Education policy priorities and a look into the Manifestos
Labour, Conservatives and Lib Dems have all pledged to increase the education budget. But we ask, from early years via schools to further and higher education: What can be done to make the education system more effective and fairer? How can outcomes across different levels of education be improved? How can we reduce inequality in education success? Can education help people after losing jobs? First, we compare the UK with other large European countries in terms of education spending and productivity of the economy. Then, we look into six education policy areas and identify key policy priorities. The last part reviews the election manifestos from this angle.
- Increasing early years spending to a level comparable to the European average (0.6% of GDP) is useful. Expenditure is low compared to other countries and has very high social benefits. Critically, proposals must detail how childcare will be delivered.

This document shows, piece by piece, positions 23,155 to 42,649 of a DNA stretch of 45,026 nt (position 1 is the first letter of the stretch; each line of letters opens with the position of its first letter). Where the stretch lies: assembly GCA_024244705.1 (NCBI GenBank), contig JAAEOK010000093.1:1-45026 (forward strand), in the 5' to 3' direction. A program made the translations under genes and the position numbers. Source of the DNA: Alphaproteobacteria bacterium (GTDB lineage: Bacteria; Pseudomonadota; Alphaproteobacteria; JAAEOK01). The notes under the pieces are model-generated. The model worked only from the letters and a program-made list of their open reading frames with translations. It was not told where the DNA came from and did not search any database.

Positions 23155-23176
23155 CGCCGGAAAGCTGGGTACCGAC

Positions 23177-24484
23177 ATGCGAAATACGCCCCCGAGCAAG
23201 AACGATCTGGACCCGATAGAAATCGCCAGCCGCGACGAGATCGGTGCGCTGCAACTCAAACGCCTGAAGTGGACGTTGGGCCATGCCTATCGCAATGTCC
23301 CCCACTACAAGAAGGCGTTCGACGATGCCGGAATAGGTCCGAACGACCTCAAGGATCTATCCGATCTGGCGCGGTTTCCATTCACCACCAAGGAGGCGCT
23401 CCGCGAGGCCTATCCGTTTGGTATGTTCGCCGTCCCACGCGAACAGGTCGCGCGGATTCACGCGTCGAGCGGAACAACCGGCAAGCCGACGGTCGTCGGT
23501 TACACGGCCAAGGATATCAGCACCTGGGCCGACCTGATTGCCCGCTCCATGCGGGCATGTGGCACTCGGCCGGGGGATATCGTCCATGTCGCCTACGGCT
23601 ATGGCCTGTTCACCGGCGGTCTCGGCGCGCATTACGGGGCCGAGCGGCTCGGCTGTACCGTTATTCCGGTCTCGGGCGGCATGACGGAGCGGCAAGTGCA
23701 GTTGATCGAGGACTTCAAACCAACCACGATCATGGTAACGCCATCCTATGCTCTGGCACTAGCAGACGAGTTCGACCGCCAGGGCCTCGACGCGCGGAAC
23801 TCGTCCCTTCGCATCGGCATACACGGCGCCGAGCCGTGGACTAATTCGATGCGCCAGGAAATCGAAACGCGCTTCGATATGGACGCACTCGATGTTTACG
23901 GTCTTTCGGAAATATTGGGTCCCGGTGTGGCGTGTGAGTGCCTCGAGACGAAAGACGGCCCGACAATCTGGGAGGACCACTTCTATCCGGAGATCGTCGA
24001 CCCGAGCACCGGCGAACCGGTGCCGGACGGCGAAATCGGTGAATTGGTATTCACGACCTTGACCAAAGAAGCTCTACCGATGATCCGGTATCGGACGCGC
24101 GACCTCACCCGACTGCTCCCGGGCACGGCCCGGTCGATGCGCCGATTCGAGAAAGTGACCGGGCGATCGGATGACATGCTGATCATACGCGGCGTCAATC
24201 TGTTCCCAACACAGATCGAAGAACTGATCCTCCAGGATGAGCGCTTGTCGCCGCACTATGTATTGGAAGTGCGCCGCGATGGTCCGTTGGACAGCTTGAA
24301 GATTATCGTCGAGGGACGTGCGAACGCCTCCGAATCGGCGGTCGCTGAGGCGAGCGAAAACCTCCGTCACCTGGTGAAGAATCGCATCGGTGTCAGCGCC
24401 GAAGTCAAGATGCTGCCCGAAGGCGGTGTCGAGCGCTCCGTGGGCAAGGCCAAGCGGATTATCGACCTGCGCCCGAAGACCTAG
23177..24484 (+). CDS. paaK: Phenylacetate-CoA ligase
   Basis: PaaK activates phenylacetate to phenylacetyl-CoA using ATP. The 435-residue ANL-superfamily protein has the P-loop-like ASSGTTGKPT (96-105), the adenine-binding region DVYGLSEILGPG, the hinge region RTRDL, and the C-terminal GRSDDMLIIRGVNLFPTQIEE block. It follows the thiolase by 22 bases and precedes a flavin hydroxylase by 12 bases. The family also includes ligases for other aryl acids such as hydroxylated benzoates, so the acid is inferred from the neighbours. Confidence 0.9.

- Education policy must do more to remove barriers for children from poor families, improving financial support.
- Quality and financial sustainability of apprenticeships need to improve. Good quality apprenticeships must be created for people with both high and low previous skills. Developing industry links can inform the number of apprenticeship offerings at each level.
- Further Education (FE) and vocational training outside the A-Level-University way must be created.
- Fair and sustainable university education calls for a review of the funding formula.
- Reversing the decline in adult education and updating skills after job loss in an economy of accelerated structural change requires significant resources for labour market training. Public expenditure on this component must be linked to industrial policy objectives.